Gwynplaine’s defacement is not just a symbolic representation of “Man’s cruelty to Man” (a dismissive interpretation of the novel’s essence); nor about the aristocracy’s suppression of the poor, i.e. social injustice (another over-simplification, albeit correct in itself).
His defacement is a symbolic representation of the Soul’s obscuration in the frame of Matter (the “Flesh”). It images the loss of the inner & highest truth about Man whose soul is couched by & hidden deep within the Body.
It is from such a perspective that one ought to view this novel, and only then can one grasp its immense profundity.

If PARADOX is one of the most exalted literary values of modern thought, then I doubt if there is any other novel which can be called “a novel of paradox”, if not TMWL.
Hugo deftly & seamlessly weaves several ideas into one coherent, comprehensive symbol. Every symbol, thus, becomes a veritable tapestry, intricate, made of several harmoniously interlaced strands.
The image of pain - Gwynplaine's deformed face with its eternal laugh - is, paradoxically, at the same time, an image of laughter.
This image of obscuration (of the truth) is, paradoxically, at the same time, a revelation of the truth.
It hides the truth about Gwynplaine, & yet it also speaks the truth about his condition.
The symbol of the injustice, cruelty & suppression in society – which ought to evoke horror – is, at the same time, the symbol of the apparent prosperity & happiness of society – which evokes mirth.
It represents the surface, not the depth - and yet, it also represents the deep, dark, stark truth of the human condition.
What more complex symbol? What, more profound?
A Mask is a Face. And yet, the Mask is not the Face.
Gwynplaine’s mask is a truth. And yet, it is an untruth.
Hugo was FULLY CONSCIOUS of his use of paradox: That eternal and fatal law by which the grotesque is linked with the sublime—by which the laugh re-echoes the groan, parody rides behind despair, and seeming is opposed to being—had never found more terrible expression.”
Contrary to enforced perception that Hugo’s view of life was oversimplified, and cast in black & white, & hence, is not “modern”, TMWL comes across as a powerfully modern work.
With all the profound premises of modernism & post-modernism without any of their abounding half-truths & untruths.
Hugo's use of paradox has been criticized as an overuse of "antithesis" -- a completely useless, unprofound, & derogatory criticism, which merely amounts to criticism for the sake of criticism.
The extensive, constant use of antithesis is a logical consequence of all-pervasive paradox-construction in the novel.

Through paradox and antithesis, Hugo achieves something which is attempted, in a way, by Zen Buddhism too: to absolutely destroy a strictly "rational" view of society, life, & existence.
The absurdity of things, the absence of strict logic, the inherent contradiction that pervades All: these are projected through Hugo's paradox construction & use of antithesis.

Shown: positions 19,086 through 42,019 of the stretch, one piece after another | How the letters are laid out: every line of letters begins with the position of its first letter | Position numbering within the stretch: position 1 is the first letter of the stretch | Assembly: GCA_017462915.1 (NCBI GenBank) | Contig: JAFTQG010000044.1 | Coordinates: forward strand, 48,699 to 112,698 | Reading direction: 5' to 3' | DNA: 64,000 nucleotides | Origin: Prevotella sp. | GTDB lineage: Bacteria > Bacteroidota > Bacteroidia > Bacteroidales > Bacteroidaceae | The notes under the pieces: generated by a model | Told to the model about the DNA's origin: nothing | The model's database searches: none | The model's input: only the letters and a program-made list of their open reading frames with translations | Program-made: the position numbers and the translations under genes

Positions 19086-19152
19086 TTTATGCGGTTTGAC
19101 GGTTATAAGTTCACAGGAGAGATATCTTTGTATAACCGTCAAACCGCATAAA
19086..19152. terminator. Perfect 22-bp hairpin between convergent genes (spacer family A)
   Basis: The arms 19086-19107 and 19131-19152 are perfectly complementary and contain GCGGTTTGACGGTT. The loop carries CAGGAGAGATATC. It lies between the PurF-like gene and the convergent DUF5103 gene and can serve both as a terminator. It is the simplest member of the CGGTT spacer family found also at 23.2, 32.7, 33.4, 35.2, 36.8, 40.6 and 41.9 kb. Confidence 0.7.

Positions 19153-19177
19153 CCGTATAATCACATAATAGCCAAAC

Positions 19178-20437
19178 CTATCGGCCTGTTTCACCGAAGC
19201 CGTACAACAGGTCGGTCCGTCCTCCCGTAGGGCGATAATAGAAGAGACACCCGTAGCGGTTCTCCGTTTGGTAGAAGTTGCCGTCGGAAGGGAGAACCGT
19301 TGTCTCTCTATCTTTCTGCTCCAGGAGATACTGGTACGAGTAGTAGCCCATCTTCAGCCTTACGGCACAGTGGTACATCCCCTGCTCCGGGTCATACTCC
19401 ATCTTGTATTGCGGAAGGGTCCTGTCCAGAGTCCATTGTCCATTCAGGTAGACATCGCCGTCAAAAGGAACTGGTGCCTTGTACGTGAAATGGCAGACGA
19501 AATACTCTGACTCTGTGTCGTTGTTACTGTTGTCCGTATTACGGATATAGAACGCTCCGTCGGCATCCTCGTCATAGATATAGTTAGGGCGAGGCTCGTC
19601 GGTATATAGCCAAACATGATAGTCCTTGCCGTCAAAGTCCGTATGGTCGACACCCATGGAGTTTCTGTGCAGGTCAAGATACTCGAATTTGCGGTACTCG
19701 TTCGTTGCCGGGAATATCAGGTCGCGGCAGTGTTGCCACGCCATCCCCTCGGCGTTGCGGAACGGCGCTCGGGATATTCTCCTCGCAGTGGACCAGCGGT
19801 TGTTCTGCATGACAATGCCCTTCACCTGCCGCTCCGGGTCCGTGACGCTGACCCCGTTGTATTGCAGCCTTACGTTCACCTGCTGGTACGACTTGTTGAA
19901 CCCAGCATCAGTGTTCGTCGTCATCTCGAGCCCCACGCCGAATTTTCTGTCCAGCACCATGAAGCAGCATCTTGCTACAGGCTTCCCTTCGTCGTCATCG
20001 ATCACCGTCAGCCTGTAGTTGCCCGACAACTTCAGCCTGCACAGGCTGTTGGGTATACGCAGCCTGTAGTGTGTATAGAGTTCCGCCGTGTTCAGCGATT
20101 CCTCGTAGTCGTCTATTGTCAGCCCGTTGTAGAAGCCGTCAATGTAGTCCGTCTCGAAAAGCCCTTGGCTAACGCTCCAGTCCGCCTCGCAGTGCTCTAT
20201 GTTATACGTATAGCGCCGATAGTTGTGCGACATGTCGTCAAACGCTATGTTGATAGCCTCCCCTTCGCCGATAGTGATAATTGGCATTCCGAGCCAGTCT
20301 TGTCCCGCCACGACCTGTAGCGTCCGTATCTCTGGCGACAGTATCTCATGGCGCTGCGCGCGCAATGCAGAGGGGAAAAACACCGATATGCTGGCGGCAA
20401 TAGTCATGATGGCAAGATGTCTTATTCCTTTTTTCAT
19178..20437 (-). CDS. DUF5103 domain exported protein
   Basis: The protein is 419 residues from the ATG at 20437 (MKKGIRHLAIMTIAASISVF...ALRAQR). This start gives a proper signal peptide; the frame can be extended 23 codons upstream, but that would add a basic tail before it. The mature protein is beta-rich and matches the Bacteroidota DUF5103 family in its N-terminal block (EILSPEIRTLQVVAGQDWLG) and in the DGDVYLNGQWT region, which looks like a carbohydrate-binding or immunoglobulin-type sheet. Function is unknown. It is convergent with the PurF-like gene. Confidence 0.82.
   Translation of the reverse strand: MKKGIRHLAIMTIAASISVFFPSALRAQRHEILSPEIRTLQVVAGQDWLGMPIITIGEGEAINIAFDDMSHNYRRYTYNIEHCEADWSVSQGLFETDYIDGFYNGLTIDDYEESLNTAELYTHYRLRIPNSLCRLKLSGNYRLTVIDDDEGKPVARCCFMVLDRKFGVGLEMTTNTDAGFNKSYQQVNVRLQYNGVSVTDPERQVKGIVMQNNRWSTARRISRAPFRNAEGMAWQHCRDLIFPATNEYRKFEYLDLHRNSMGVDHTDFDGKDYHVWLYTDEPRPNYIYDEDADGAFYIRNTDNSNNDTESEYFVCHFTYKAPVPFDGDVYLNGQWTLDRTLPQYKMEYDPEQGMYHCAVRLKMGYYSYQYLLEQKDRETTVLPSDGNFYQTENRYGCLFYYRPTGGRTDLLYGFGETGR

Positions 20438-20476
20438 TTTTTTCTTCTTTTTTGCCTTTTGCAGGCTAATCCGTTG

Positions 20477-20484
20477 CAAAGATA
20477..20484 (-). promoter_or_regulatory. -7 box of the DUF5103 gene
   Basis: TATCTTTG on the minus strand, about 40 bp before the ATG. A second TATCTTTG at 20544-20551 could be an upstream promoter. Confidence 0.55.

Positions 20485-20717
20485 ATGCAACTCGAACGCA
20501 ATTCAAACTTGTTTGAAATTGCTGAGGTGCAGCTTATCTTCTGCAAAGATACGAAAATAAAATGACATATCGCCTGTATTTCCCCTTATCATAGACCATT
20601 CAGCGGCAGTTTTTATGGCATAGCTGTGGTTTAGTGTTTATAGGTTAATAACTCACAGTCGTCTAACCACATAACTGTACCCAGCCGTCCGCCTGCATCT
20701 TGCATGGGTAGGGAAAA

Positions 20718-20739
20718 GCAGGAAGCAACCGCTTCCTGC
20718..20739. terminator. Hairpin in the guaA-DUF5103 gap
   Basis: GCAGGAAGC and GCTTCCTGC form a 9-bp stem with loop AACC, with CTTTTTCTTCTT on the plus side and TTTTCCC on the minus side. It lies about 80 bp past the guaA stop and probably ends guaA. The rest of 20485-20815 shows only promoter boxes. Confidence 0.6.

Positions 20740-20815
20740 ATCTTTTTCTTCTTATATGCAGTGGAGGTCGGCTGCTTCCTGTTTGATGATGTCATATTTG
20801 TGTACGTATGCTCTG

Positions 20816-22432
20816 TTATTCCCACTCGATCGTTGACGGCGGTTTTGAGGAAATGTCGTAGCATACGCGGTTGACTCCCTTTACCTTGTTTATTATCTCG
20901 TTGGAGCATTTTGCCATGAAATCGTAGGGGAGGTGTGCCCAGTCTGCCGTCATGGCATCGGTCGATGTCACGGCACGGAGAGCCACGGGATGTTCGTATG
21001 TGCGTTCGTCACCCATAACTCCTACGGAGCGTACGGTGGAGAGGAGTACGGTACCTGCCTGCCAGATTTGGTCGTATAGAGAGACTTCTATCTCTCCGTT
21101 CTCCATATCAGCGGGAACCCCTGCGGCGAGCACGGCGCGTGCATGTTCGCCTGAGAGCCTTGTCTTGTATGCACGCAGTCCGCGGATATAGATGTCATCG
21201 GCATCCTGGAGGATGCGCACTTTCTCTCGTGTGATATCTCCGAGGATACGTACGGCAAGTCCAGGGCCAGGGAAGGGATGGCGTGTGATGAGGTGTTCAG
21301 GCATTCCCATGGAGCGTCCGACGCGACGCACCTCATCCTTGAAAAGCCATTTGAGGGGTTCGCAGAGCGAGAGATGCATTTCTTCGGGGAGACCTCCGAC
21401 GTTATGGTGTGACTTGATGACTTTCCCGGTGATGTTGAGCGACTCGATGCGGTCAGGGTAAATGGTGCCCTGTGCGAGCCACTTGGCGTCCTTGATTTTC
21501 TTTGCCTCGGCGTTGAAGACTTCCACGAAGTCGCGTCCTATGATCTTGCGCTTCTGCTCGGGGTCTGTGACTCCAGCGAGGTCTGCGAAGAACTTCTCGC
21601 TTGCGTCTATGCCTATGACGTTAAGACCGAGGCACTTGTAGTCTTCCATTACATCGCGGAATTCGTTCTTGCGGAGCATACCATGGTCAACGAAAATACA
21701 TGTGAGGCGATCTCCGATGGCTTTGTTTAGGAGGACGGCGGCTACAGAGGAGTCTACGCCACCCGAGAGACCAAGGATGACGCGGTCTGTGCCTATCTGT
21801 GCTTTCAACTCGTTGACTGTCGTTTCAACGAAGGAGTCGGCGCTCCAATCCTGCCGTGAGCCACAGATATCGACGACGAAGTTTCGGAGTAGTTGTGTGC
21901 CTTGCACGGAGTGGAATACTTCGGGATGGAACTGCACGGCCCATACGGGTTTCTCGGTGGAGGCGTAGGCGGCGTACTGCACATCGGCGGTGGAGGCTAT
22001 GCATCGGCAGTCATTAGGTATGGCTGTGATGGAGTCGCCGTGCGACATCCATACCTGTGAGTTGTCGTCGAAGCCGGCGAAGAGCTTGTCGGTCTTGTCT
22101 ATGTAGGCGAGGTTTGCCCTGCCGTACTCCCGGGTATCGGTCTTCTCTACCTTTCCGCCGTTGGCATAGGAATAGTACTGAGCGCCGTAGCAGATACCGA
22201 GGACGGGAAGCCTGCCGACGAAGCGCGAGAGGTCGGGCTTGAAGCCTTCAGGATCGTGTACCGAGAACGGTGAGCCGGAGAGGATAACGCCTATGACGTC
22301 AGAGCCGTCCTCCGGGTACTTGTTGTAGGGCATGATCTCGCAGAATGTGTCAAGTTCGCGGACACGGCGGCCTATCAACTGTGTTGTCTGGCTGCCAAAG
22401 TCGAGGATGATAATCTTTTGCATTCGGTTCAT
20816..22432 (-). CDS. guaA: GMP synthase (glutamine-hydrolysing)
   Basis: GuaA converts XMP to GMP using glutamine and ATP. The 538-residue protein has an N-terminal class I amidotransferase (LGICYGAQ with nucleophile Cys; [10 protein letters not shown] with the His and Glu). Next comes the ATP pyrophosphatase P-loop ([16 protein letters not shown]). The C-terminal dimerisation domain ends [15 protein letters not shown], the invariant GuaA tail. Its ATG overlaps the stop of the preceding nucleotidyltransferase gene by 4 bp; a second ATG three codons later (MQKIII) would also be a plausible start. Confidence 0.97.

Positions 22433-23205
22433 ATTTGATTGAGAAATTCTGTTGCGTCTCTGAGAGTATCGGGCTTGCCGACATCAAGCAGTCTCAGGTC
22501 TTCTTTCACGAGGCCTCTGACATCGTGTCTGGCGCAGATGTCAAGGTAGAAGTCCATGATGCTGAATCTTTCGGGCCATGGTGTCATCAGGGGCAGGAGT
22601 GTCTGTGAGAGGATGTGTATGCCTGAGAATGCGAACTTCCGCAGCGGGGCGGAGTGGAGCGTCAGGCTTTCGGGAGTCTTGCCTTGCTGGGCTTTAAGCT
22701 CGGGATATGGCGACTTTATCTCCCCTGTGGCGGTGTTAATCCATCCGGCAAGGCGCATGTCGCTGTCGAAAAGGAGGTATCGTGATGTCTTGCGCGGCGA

Existence, God, Man, Life defy all rational analysis at every step - what is, isn't & what isn't, is - an unmistakably ambiguous, almost sinister, projection of God's benevolence & power - indeed, at every step Hugo destroy's Man's faith in God - these are just some of the philosophical implications of TMWL.
Do we call this irrelevant, unmodern, and unprofound?
I do not wish to categorize Hugo as Romantic or Absurdist or Existentialist or Modernist or Post-Modernist or Masonic or Rosicrucian or Hermetic: Hugo is simply Hugo.
(Even though he called himself a Romanticist, I seriously doubt if Hugo can be called a Romanticist in the conventional sense of the term. His vision is too complex for such simplification).
Comparison with Modernist & Post-Modernist literary thought is merely to show that he cannot be dismissed as "unmodern", that his works stand the test of contemporary literary criticism (though that itself is irrelevant) - and that one could only be baffled at why he is not hailed as one of the most profound of all the predecessors of our "modernists".

Sunday, May 13, 2007


1 In the beginning rose Hiranyagarbha, born Only Lord of all created beings. He fixed and holdeth up this earth and heaven.
What God shall we adore with our oblation?

2 Giver of vital breath, of power and vigour, he whose commandments all the Gods acknowledge. The Lord of death, whose shade is Life Immortal - and death.
What God shall we adore with our oblation?

3 Who by his grandeur hath become Sole Ruler of all the moving world that breathes and slumbers; He who is the Lord of men and the Lord of cattle.
What God shall we adore with our oblation?

4 His, through his might, are these snow-covered mountains, and men call sea and Rasa his possession: His arms are these, his are these heavenly regions.
What God shall we adore with our oblation?

5 By him the heavens are strong and earth is steadfast, by him light's realm and sky-vault are supported: By him the regions in mid-air were measured.
What God shall we adore with our oblation?

6 To him, supported by his help, two armies embattled look while trembling in their spirit, When over them the risen Sun is shining.
What God shall we adore with our oblation?

7 What time the mighty waters came, containing the universal germ, producing Agni, Thence sprang the Gods' one spirit into being.
What God shall we adore with our oblation?

8 He in his might surveyed the floods containing productive force and generating Worship. He is the God of gods, and none beside him.
What God shall we adore with our oblation?

9 Never may he harm us who is earth's Begetter, nor he whose laws are sure, the heavens' Creator, He who brought forth the great and lucid waters.
What God shall we adore with our oblation?

10 Prajapati! thou only comprehendest all these created things, and none beside thee. Grant us our hearts' desire when we invoke thee: may we have store of riches in possession.

- Hymn 121, Mandala 10, Rig Veda